When I was a pre-teen, I had younger siblings that were cloth diapered. I changed more diapers and stuck myself with pins more times than I can remember, but what I learned was that changing cloth diapers was not a big deal. Cleaning cloth diapers was not something I had to deal with, because our family had a diaper service that just took all the diapers away, but I figured, how hard could it be? I always knew cloth diapering my own kids was something I wanted to at least try, partly because I already had half the experience I needed, partly because my husband and I are excessively frugal, and partly because it just seemed like a kinder, gentler, more eco-friendly way to live.
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The way it turned out, I ended up mostly cloth diapering my first child, except for one disposable at night and one a couple times a week when we left the house for a few hours. He was surprisingly easy to potty train at 19 months. My second child is now 18 months old and she gets a disposable at night (though she’d probably be fine in cloth, because she doesn’t pee anywhere near as much as my son did at night) and one in the morning from about 9 am to 12 pm while my son is at preschool. Sometimes we run errands or are otherwise away from home during this time, but even when we come home right away, I’m lazy in the morning. All afternoon until bedtime she’s in cloth diapers (usually 2 or 3) unless we’re going to be away from home. I haven’t tried potty training her yet, so I don’t know if that will be as easy as it was with my son.
After cloth diapering 2 kids, what have I learned?
- Anyone who tells you it’s as easy as disposable is flat out lying, but, really, it’s not THAT hard. Changing diapers has a learning curve, but it’s nothing like the pins and rubber pants I had deal with as an older sibling. Nowadays, there are several different options, but even the cheap option we chose is really easy (and not at all dangerous to one’s fingertips).
- As one might imagine, the only truly obnoxious part about cloth diapering is dealing with dirty diapers. Also, after much trial and error, I learned that there’s a magic secret to cleaning diapers from a breastfed only baby. Spray them off and put them in the sun. I don’t know how, I don’t know why, but breastmilk poop stains magically disappear. When my kids were babies, I used to spray them off and let them dry on my bathtub. Then once a week I would lay them out on the deck for like 15 minutes, then throw them in the wash. If the stains were really persistent, I would rewet them with a spray bottle before putting them in the sun, but that was it. After that, they’d be bright white again.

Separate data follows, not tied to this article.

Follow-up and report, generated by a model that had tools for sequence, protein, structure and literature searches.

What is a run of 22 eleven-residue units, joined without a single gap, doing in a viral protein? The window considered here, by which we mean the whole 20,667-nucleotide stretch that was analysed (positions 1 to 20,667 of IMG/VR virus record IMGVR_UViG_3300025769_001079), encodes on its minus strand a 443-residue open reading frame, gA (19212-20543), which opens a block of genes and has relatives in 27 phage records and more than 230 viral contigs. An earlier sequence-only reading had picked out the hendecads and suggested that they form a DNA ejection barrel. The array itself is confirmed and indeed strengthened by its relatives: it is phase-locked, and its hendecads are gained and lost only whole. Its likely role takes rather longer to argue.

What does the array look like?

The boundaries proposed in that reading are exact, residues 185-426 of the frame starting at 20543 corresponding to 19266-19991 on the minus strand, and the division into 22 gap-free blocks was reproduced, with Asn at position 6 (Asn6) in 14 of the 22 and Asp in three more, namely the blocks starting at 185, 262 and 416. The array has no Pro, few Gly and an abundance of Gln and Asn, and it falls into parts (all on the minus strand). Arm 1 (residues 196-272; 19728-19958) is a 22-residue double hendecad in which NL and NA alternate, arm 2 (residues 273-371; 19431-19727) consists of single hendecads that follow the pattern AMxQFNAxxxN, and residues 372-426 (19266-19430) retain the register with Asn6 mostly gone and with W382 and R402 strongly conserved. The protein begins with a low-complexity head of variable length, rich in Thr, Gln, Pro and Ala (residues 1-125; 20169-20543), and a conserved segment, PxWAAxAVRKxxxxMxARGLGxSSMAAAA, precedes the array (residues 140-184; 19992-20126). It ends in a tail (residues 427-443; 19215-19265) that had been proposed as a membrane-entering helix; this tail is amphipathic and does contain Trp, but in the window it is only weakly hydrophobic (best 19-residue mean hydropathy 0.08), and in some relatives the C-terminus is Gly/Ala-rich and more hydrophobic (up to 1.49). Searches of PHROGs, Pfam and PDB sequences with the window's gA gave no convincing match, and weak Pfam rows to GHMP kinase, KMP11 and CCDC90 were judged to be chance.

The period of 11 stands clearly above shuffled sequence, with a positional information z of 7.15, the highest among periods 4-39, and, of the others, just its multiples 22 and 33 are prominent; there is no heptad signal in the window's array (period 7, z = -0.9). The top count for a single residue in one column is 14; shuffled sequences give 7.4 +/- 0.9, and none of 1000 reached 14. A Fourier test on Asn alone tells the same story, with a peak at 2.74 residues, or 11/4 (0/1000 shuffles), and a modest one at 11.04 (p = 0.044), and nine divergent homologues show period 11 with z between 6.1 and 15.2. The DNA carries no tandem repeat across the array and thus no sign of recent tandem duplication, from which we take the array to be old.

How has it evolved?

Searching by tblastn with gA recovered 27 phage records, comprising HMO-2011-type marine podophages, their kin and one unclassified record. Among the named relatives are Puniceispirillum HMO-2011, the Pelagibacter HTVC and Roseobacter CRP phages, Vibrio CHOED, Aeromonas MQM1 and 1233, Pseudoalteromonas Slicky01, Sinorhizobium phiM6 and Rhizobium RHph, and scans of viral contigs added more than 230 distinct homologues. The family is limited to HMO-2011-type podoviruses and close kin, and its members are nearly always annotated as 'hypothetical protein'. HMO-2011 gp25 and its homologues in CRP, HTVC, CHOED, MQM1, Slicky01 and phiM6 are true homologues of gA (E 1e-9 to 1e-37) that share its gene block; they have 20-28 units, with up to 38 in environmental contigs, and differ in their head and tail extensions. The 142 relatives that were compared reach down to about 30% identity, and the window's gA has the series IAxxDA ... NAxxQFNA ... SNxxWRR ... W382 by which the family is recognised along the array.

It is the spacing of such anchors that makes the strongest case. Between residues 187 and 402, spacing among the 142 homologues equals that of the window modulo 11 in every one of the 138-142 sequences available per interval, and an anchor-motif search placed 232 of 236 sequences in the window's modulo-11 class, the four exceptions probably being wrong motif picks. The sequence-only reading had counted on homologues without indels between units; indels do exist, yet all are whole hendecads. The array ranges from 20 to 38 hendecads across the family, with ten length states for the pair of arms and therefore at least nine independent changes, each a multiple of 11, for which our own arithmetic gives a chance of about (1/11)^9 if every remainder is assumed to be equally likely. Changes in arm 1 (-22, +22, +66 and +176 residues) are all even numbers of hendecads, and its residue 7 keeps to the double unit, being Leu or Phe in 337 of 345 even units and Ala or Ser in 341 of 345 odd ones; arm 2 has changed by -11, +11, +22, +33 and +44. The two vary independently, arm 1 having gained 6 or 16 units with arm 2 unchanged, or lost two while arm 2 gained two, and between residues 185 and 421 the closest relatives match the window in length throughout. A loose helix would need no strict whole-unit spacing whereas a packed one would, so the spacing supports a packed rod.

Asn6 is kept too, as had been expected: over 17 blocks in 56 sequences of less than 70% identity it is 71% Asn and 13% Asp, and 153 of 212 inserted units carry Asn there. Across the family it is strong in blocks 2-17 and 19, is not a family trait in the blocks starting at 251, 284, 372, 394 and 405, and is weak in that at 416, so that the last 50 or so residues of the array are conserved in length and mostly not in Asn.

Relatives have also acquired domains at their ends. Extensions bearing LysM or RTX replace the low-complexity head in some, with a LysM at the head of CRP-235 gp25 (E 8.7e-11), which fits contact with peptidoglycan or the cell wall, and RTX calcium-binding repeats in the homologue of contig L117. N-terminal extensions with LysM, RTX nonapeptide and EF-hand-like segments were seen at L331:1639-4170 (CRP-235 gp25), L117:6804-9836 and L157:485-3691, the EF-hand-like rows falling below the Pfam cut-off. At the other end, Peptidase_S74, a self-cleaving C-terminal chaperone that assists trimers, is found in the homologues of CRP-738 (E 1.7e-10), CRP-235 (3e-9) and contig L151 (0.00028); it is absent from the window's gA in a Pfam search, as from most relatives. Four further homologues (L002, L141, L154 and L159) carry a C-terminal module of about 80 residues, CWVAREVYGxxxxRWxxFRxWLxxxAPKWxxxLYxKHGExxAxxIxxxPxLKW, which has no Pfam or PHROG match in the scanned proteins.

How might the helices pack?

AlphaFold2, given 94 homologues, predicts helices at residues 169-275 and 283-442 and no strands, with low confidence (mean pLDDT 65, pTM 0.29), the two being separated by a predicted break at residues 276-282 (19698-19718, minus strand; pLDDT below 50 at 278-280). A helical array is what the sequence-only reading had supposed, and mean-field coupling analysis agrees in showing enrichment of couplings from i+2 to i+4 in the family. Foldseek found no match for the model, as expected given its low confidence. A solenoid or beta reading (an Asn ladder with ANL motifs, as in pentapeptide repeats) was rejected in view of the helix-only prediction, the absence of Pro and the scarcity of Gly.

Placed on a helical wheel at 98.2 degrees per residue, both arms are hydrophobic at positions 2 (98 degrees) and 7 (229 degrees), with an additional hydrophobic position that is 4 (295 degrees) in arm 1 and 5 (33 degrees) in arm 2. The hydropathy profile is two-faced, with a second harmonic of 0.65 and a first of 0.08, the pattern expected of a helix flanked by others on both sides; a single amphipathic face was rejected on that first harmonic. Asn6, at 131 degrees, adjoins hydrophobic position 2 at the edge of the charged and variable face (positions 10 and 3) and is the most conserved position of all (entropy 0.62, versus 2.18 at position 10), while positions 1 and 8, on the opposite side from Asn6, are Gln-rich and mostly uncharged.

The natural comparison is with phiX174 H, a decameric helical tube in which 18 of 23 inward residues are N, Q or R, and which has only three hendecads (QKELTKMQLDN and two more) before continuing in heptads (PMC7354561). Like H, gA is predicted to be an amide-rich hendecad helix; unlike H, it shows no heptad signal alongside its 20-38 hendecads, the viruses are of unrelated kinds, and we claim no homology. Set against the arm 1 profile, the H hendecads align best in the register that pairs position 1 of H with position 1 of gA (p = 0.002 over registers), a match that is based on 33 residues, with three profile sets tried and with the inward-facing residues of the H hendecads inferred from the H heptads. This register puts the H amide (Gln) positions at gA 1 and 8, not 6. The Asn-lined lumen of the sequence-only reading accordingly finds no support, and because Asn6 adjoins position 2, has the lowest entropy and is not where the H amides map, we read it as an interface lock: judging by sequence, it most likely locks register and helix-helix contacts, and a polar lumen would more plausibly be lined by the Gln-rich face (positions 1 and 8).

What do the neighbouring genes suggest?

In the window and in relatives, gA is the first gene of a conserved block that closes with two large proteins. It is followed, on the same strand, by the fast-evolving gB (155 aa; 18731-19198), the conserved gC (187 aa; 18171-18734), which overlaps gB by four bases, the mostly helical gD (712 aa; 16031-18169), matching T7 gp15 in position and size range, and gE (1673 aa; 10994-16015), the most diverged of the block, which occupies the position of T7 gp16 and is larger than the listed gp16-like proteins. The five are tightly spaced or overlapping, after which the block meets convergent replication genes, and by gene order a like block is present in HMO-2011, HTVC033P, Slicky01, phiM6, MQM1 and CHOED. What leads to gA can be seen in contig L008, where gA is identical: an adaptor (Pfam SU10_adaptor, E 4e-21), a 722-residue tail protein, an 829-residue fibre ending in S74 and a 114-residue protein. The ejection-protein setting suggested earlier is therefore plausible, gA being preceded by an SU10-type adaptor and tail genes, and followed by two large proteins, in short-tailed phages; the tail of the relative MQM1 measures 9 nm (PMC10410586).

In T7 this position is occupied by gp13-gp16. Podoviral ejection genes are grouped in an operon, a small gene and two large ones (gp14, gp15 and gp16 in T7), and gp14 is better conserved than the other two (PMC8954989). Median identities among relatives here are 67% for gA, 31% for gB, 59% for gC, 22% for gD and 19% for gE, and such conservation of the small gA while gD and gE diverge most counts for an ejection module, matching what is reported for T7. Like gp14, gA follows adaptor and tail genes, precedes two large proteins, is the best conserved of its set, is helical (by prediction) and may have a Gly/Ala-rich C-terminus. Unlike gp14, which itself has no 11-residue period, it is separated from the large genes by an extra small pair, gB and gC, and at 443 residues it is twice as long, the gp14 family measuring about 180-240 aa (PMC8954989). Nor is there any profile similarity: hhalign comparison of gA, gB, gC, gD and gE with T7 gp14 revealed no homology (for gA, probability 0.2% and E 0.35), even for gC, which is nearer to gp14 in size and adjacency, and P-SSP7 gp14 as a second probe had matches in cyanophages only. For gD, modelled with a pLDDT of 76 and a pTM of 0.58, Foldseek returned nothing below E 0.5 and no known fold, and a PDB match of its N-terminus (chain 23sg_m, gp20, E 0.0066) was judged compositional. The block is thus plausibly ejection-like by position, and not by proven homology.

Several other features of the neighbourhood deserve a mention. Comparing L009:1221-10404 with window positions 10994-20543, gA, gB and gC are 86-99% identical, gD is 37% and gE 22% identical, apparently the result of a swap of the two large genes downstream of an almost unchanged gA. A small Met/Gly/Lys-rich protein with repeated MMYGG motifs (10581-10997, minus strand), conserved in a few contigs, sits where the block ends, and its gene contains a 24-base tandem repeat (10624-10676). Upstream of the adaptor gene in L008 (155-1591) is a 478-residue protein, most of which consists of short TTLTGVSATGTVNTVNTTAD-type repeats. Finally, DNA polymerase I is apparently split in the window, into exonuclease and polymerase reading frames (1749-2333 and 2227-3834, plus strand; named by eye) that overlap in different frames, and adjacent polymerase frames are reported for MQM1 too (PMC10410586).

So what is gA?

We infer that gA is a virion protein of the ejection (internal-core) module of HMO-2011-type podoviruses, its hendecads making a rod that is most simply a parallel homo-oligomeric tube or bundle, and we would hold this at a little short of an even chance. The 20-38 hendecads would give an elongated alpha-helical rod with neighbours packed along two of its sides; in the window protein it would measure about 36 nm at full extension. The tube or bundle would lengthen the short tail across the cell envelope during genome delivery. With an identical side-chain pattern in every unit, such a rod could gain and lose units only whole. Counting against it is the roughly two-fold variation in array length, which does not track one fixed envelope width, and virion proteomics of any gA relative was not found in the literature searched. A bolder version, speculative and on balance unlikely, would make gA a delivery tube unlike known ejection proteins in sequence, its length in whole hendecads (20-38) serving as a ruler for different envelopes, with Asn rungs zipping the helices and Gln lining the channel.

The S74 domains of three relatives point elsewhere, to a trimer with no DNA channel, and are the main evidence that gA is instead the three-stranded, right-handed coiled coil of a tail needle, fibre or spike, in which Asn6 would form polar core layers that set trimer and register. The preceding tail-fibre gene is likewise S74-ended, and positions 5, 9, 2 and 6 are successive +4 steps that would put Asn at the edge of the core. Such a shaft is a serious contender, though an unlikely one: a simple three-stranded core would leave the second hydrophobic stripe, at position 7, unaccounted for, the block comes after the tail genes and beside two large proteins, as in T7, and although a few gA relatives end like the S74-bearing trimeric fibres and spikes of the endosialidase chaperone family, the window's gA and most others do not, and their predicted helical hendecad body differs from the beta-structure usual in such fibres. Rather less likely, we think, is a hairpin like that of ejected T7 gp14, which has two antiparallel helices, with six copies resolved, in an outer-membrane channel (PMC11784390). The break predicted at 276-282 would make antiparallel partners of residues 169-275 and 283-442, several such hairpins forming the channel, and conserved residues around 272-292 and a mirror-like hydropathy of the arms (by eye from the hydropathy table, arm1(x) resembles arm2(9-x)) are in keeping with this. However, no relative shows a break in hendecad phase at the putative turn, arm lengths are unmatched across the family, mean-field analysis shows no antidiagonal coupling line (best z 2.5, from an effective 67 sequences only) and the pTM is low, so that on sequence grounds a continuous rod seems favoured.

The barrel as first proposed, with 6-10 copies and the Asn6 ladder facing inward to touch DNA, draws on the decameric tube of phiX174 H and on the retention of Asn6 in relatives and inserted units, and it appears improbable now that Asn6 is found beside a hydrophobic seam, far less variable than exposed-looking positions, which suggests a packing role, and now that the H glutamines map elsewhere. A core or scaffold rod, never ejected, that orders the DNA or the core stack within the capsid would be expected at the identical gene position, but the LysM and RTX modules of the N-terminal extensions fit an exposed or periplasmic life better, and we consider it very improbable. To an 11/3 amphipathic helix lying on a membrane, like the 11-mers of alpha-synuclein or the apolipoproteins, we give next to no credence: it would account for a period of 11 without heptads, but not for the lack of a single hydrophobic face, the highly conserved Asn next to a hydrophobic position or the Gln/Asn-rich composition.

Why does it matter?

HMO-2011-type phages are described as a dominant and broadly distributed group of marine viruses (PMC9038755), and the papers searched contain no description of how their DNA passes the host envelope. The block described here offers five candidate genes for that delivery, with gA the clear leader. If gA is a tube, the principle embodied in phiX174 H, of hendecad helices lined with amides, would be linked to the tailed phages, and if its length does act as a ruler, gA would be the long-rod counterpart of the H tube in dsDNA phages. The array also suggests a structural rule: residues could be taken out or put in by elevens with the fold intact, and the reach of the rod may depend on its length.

- Once your kids eat solid foods, yes, poopy diapers can be gross. A diaper sprayer is an absolute necessity in my opinion. Also, with my daughter, I’m a little lazy, and as I mentioned above, I keep her in disposable in the morning, which is when she usually does her business. Avoiding poopy diapers is the easy way out, but if you’re really committed, then see #4.
- I’ve read that some people don’t have a problem with poopy diaper stains once the baby is on solid food. I don’t know what their secret is. However, this is what I’ve learned: diapers wear out, like socks, so why keep them in pristine condition? We spray them off with the diaper sprayer, pour a little Oxiclean mixed with water on the stain, then let them dry. I wash them on a cold cycle, then a hot cycle with an extra rinse, then throw them in the dryer, so I feel they’re sanitary, if not as gleaming white as they once were. I used to use bleach to get them extra clean looking, but I think the more I treat them, the quicker they wear out, at which point they just turn into really great cleaning rags before being ripped to shreds and thrown in the garbage. So I don’t stress over it anymore.
- As mentioned in #4, diapers wear out. Having a diaper service as a kid, I just assumed they didn’t since we got perfect diapers delivered every week. Therefore, cloth diapering is not quite the money saver that I thought it was. Don’t get me wrong, it definitely saves money, but if you’re planning to have 4 kids, odds are pretty good you won’t be able to use the same set of diapers on all 4. I started out with 3 dozen diapers with my first child and I’m down to 25 with my second. I have to do laundry slightly more often, but it’s worked out for me. However, if we end up having a third kid, I probably will buy 10 or 15 more diapers so that I’ll feel like I’m doing a full load. The Snappis that I use to keep the diapers closed also wear out. I started out with 6 for my son, and I’m down to 3 with my daughter. I think I lost one and had two break. Since you only really need one functioning one, 3 is more than enough.
- Lastly, if you’re going to go to the trouble of cloth diapering, you probably want to use reusable wipes as well. The policy in our house is that we use cloth wipes for pee and disposable wipes for poop. The wipes we use are cutup “all-purpose handy wipes” from the 99 cent store. One pack has been more than enough for both kids even though I’ve tossed several out once they got holes. We keep a stack of dry cloth rectangles and a squirt bottle next to the changing pad. Initially we used Kissaluv’s Diaper Lotion Potion (Affiliate Link) in the spray bottle, but once that ran out I just refilled it with 1 cup witch hazel, 2 tablespoons jojoba oil, and a few drops of lavender oil.
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